The Good are attracted by Mens perceptions
And Think not for themselves
Till Experience teaches them to catch
And to Cage the Fairies & Elves. [12]

Once we have caught and caged the Fairies and Elves, we cannot pretend not to have done so, cannot reclaim Innocence and deny Experience. The adult reader, therefore, unlike the child, is not free to read the Songs of Innocence alone, exclusively, as if the Songs of Experience did not exist, or could be put aside or forgotten. For the adult reader, they must be accepted as inseparable.

 

Two examples may suffice to show that to ignore this inseparability can lead to gross misreadings. Both involve the social and economic condition of children in eighteenth-century London, and we can begin by looking at this through the optimistic eyes of Joseph Addison, back in July 1713. He was feeling rather euphoric after the celebrations of the end of the war:

There was no part of the show on the thanksgiving‑day that so much pleased and affected me as the little boys and girls who were ranged with so much order and decency in . . . the Strand. . . . Such a numerous and innocent multitude, clothed in the charity of their benefactors, was a spectacle pleasing both to God and man. . . . Never did a more full and unspotted chorus of human creatures join in a hymn of devotion. The care and tenderness, which appeared in the looks of their several instructors, who were disposed among this little helpless people, could not forbear touching every heart that had any sentiments of humanity. . . . I have always looked on this institution of charity‑schools, which of late years has so universally prevailed through the whole nation, as the glory of the age we live in, and the most proper means that can be made use of to recover it out of its present degeneracy and deprivation of manners. It seems to promise us an honest and virtuous posterity. There will be few in the next generation, who will not at least be able to write and read, and have not had an early tincture of religion. [13]

Or, as Vicesimus Knox wrote later, of the 'modern palaces erected for the poor and the afflicted': 'These . . . are the trophies of Christianity. . . . I congratulated myself on being born in an age in which Christian charity never shone in works of allowed public utility with greater lustre.' [14] The Charity School movement had begun in 1699 as a means of averting, or ameliorating, a national scandal: namely, the remarkable number of orphaned and abandoned children on the streets of London, 'in tattered raggs, cursing and swearing at one another . . . rolling in the dirt and kennels, or pilfering on the Wharffs and Keys'. [15] By 1704, there were over fifty schools with over 2000 pupils; by 1730, these figures were almost trebled. On the occasion that Addison was so touched, they were placed, in their thousands, on tiers along the Strand, to see the jubilant procession pass along to St Paul's, and to sing an 'Alleluia' chorus in praise of the Queen.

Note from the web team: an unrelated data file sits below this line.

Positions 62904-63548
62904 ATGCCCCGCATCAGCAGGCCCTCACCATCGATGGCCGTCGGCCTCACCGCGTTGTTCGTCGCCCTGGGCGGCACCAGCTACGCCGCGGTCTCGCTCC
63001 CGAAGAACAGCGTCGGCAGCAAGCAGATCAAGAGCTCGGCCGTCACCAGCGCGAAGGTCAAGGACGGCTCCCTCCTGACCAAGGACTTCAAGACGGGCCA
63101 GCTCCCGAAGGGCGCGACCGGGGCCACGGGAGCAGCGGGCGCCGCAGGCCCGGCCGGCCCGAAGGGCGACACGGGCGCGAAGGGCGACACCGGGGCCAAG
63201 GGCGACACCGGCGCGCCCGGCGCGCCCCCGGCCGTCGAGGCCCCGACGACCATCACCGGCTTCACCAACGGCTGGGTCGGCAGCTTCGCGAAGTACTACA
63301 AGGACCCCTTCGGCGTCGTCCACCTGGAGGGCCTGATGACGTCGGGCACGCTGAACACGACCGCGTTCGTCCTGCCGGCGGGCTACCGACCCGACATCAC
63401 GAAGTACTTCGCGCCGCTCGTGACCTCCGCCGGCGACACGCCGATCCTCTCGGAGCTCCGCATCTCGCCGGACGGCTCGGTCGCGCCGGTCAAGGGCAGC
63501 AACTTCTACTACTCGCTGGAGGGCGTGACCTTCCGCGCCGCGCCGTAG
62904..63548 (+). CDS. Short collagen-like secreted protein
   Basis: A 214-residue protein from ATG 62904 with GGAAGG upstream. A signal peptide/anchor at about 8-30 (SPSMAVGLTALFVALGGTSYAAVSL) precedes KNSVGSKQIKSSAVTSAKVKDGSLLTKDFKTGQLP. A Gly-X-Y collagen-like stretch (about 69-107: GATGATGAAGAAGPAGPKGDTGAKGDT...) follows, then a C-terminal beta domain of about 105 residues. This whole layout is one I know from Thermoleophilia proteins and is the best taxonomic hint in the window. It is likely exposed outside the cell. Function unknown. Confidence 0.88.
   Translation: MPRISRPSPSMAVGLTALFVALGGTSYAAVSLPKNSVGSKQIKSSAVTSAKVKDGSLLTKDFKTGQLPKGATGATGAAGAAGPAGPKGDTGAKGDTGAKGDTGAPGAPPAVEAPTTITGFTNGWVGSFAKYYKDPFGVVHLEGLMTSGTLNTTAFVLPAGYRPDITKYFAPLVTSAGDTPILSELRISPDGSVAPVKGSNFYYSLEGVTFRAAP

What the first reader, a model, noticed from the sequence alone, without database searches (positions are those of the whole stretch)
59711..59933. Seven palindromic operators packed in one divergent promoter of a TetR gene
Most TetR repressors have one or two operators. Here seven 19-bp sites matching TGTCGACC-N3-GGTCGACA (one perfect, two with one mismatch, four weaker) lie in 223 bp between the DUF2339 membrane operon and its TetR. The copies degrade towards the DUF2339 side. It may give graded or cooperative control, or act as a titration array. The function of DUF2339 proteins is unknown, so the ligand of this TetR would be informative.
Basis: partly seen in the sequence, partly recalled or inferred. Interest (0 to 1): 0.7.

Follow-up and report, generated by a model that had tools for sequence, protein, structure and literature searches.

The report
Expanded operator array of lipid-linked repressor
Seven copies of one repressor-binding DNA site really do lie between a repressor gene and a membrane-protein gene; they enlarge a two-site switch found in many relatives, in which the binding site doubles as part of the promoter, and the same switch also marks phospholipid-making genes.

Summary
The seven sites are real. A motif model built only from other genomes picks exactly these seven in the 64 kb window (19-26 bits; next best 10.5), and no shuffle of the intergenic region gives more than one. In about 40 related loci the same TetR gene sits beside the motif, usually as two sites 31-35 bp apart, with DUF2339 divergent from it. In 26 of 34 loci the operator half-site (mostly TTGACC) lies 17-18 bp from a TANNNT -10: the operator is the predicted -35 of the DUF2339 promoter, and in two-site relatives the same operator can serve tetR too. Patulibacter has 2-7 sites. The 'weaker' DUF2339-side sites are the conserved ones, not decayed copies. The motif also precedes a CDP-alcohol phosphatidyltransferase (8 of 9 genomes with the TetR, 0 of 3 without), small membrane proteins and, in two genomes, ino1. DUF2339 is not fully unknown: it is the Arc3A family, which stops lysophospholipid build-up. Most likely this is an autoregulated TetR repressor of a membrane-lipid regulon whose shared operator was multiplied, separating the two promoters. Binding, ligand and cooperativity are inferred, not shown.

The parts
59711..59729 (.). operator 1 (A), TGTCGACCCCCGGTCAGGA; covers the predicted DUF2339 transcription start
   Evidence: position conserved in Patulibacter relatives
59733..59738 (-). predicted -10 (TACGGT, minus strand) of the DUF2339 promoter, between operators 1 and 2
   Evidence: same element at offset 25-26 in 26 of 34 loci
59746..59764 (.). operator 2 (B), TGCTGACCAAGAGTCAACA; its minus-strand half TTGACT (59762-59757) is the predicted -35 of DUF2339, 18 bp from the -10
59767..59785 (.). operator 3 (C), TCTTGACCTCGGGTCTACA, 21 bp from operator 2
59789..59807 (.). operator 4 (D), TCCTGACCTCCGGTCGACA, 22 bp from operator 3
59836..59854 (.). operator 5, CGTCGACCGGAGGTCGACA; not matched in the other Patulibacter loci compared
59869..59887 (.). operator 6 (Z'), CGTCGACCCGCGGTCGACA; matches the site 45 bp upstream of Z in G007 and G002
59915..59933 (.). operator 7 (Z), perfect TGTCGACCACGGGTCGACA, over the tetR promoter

Apart from special occasions such as the thanksgivings of 1713, the usual occasion for the public parade of the charity school children was the first Thursday in May: initiated in 1704, this service of thanks was transferred to St Paul's in 1782. The Times' reporter in 1788 gave a glowing account of such an occasion:

Yesterday being the Anniversary of the Patrons and Subscribers to all the Charity Schools in London, Westminster, and Southwark, the children of the different Charities were assembled in St Paul's Cathedral. . . . The temporary erection is well designed to display the glorious sight of 6000 children, reared up under the humane direction of the worthy Patrons, and supported by the public contributions of well‑disposed persons, which must raise the mind to sympathy and brotherly-love . . . – his present Majesty, by affording it his presence, would be aiding to [sic] the nurture of a future generation to fight his battles—carry forward the commerce and manufactories of Great Britain, and assist in maturing infant arts, to the honour and prosperity of the country . . . A most excellent sermon was preached on the occasion, by the Right Hon. Lord Bagot, Bishop of Norwich, who took great pains in a sermon of forty minutes, to explain the tendency of this laudable institution—the great duty required from his young Auditors to show their gratitude to their benefactors.

After the sermon, the children sang the 100th Psalm and 140th Psalm, and the reporter waxed sentimental: 'the artless notes of youthful innocence afforded more pleasing sensation, than the notes of the most celebrated performers. . . .' [16]

 

That is the 'philanthropic' view of the occasion, fitting neatly into a view of society as decently doing its duty to the deserving poor, and simultaneously making a sound investment, for the pupils emerged from the charity schools well scrubbed and tamed, ready to take their appointed, subordinate place as servants, clerks, apprentices, cabin‑boys, and so on. But how did the same occasion appear to the 'innocent' eye?